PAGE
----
So, we are left with the game that will decide who leads the Division 1 table on Monday night. A draw or a win for Hampshire and they will go top. If Surrey win, Yorkshire will be top of the table. A measure of just how much conditions have eased is that Surrey’s declared second innings was far in excess of the sum of the two first innings in this match.
Surrey started the day with Foakes and Pope batting confidently and already 281 ahead. Surrey just batted on and batted on and batted on. Ollie Pope went from 30* to 145 before Liam Dawson got him finally, by all accounts batting brilliantly and Surrey declared on 407-9, leaving Hants a mere 472 to win. Kyle Abbott came out of the slaughter best, with 3-72, but Fidel Edwards’ three wickets cost him 130 at not far short of 6-an-over. Much of the day it was Liam Dawson taking the heat, economical, but with little threat.
Bad light has helped Hants’ cause but, with Surrey off-spinner Amar Virdi, not yet 20 and in just his fourth First Class match, getting huge turn, their cause looks lost. Hampshire are 116-4 and Virdi has removed Vince and Amla, both LBW. It will be no surprise to anyone that Vince reached 33, looked good and got out. Hants should take the game into the afternoon session, but a win looks out of the question with 356 needed on the last day and only six wickets left and even a draw will take an almighty effort.
4/22/2018 0 Comments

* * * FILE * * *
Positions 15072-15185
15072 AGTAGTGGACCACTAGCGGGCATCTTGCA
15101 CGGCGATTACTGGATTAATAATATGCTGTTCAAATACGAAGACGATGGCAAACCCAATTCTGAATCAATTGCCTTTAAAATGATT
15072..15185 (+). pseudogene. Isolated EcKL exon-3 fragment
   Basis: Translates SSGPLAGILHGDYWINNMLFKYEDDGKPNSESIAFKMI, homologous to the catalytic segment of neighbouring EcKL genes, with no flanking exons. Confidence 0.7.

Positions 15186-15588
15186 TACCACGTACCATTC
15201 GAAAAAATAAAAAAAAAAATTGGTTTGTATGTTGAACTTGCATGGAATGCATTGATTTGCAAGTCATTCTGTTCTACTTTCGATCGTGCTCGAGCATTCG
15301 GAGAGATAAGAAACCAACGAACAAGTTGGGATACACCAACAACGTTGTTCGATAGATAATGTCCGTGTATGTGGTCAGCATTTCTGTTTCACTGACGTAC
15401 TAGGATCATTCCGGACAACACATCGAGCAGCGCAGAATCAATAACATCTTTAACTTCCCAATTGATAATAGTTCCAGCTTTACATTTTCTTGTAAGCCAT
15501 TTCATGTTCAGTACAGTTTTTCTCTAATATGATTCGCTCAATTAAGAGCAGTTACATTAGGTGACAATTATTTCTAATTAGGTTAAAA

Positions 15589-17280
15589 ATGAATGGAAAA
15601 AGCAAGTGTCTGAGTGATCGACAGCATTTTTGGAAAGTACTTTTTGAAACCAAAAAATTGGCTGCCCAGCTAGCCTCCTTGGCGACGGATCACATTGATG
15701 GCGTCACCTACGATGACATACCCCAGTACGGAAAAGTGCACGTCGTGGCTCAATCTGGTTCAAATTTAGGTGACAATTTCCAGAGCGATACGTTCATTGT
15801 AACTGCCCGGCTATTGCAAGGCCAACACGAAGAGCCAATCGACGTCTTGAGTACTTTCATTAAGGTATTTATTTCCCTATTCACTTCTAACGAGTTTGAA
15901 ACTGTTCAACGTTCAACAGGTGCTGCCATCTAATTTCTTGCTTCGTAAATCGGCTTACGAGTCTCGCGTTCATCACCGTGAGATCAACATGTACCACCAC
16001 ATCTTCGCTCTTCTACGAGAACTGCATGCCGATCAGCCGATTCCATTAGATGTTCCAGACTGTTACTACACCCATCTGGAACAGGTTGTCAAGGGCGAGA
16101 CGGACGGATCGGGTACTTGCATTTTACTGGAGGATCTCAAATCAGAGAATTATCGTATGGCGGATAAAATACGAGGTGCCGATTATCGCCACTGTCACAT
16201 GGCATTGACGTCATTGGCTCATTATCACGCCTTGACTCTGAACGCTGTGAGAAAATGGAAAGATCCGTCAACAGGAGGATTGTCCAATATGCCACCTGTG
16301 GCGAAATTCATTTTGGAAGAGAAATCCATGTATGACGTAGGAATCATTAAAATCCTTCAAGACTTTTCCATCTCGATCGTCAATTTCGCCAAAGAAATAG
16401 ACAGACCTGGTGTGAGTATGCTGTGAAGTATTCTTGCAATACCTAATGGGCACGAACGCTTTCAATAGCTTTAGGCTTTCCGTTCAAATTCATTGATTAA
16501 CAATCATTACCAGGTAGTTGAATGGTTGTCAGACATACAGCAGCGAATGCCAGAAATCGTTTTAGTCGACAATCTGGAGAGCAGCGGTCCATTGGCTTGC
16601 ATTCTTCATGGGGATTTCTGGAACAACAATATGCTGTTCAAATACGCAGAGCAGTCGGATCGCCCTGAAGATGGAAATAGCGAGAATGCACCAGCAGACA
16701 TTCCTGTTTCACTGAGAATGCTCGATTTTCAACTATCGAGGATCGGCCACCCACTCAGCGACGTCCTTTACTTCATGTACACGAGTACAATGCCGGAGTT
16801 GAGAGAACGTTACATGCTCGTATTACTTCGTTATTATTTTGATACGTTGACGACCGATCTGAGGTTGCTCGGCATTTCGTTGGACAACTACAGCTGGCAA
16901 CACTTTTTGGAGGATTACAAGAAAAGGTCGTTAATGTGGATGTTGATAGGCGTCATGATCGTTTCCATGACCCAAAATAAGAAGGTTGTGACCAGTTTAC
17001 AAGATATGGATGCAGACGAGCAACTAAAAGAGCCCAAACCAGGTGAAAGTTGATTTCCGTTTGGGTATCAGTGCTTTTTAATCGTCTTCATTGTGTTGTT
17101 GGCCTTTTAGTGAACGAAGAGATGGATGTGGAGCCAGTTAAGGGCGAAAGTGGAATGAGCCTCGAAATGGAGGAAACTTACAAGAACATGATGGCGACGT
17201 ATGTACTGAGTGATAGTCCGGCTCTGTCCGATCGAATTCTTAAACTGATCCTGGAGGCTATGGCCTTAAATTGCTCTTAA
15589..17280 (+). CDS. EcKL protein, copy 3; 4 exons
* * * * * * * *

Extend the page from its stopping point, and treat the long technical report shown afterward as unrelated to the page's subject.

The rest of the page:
By David Bowden (@Bowdenwhu)
Warwickshire thrashed Northampton at Wantage Road to kick-start their Promotion challenge with a comprehensive innings and 48-run success. After building a mammoth lead over their hosts by reaching 413 thanks to telling contributions from veteran wicketkeeper Tim Ambrose (103), Sam Hain (85) and youngster Henry Brookes (70) the Bears were in confident mood especially given the brittle nature of the Northants batting line-up at present. Indeed, their latest effort of 218 was their highest total to date after being dismissed for 71, 142 and 147, so take some solace Steelback fans that slowly but surely you are making progress, maybe by late May you’ll reach that magic mark of 400. It turned out to be the Ryan Sidebottom show (no, not the curly haired Yorkshireman) as the young Australian plucked from the local Birmingham cricket league ripped through the hosts for a second time to claim his first ever 10-wicket match haul. Only Adam Rossington (58) threatened to frustrate the Bears as Northamptonshire sunk without a trace for the fourth time which is becoming a worrying trend for the much fancied Midlanders. Fittingly the contest ended with young Brookes collecting the final two wickets to secure a well-earned victory for the visitors, the tailender enjoyed a memorable game making his highest score with the bat whilst also contributing with the ball. It is a damaging defeat for Northants but for Warwickshire, it is the first of what they will hope to be many comprehensive successes in their pursuit of an immediate return to Division One.